Japanese scientists report that regular consumption of the powerful antioxidant vitamin C may help reverse vasoconstriction, or narrowing of the arteries, in smokers, specifically by targeting the impaired endothelial function that causes this condition.1
Smoking boosts oxidative stress and produces vasoconstriction,2 which may increase the risk of related conditions such as coronary heart disease, heart attack, aortic aneurysm, and stroke.3 The endothelium, a layer of cells lining the interior of blood vessels, produces coronary-related compounds that regulate vascular tone, such as nitric oxide.4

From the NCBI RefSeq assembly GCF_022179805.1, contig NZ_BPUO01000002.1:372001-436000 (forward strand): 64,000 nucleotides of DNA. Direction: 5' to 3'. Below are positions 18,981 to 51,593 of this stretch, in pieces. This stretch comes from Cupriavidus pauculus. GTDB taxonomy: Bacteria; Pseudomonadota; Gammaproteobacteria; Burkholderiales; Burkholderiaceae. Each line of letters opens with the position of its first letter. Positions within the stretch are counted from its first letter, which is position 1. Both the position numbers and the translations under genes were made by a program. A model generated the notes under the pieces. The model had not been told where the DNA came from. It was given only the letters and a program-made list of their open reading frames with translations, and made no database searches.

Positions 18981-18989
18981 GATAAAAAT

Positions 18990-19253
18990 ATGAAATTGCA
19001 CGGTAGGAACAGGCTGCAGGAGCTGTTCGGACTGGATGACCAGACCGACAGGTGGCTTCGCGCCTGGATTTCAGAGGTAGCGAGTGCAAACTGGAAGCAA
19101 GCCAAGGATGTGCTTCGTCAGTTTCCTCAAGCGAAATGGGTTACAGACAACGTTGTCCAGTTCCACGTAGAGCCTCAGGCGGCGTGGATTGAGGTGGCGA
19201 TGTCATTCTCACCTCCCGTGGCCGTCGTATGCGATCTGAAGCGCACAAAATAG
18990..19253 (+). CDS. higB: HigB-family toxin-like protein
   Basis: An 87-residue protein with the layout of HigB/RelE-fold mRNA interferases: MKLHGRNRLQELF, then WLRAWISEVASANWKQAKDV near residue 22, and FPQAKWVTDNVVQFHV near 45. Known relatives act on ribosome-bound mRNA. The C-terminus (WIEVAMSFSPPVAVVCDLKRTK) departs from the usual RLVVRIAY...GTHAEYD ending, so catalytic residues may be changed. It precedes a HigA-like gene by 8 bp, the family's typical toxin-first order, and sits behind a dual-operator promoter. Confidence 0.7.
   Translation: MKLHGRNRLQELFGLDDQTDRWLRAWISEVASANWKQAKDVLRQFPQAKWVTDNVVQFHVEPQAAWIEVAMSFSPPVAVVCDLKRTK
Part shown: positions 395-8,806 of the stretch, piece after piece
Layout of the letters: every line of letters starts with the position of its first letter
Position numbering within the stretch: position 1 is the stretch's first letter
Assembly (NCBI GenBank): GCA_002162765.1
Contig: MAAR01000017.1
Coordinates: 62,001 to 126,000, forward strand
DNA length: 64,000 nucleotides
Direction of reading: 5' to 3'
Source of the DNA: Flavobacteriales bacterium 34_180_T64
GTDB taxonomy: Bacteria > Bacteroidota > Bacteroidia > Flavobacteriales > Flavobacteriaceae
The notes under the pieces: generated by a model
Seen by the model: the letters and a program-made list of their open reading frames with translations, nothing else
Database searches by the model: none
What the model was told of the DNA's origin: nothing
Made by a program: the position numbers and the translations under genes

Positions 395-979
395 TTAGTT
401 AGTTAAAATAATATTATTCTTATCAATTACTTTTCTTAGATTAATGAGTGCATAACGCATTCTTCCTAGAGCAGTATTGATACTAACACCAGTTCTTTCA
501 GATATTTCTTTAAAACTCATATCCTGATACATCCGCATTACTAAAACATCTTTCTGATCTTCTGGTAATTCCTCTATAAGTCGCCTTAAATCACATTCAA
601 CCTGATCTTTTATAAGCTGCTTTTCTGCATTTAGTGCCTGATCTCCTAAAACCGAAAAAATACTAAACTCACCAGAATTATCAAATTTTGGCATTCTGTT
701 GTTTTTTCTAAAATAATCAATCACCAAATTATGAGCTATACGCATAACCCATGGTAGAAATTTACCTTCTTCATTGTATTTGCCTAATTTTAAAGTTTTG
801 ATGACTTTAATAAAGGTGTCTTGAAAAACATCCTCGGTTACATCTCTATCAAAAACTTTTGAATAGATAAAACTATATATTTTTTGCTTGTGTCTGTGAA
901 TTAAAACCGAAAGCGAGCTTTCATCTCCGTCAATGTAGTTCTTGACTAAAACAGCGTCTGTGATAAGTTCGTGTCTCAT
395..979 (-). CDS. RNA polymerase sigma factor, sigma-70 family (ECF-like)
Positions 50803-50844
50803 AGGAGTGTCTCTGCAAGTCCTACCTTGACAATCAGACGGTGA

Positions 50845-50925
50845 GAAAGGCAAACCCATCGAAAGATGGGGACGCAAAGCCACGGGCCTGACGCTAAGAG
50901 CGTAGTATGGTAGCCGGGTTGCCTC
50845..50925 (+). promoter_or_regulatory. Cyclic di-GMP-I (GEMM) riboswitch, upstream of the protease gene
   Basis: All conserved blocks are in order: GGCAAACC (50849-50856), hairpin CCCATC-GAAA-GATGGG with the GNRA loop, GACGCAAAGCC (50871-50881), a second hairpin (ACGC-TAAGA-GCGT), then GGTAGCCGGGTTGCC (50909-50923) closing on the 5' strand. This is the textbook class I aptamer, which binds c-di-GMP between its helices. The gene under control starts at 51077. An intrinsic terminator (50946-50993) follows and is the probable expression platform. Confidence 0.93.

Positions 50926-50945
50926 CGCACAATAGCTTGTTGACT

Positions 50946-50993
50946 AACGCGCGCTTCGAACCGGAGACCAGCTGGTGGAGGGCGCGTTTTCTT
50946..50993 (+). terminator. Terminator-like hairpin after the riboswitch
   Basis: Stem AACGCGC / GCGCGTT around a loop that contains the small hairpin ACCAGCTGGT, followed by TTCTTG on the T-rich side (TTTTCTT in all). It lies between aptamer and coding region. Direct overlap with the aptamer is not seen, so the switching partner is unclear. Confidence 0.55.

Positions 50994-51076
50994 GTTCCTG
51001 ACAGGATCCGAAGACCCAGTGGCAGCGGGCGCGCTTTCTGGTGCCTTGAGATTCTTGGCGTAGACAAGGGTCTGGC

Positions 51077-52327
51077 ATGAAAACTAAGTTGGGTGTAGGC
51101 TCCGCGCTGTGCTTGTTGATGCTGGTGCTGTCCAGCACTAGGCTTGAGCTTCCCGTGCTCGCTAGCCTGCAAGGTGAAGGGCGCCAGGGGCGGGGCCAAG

To test vitamin C’s effects on coronary health, researchers at Chiba University, Japan, recruited 25 patients, 13 of whom were otherwise healthy smokers and 12 who were nonsmokers. Using a monitoring test known as transthoracic Doppler echocardiography, the team evaluated coronary blood flow in each patient, both while at rest and during moments of increased blood flow. Blood flow and levels of vitamin C were measured at baseline and then at two and four hours following intake of vitamin C.
At the study’s onset, blood flow was greatly increased in nonsmokers compared to smokers. However, at the study’s end, the smokers’ blood flow rates had increased significantly, while the nonsmokers’ blood flow was unchanged. The study authors concluded that vitamin C helps relieve the vasoconstriction that can occur in chronic smokers.
—Linda M. Smith, RN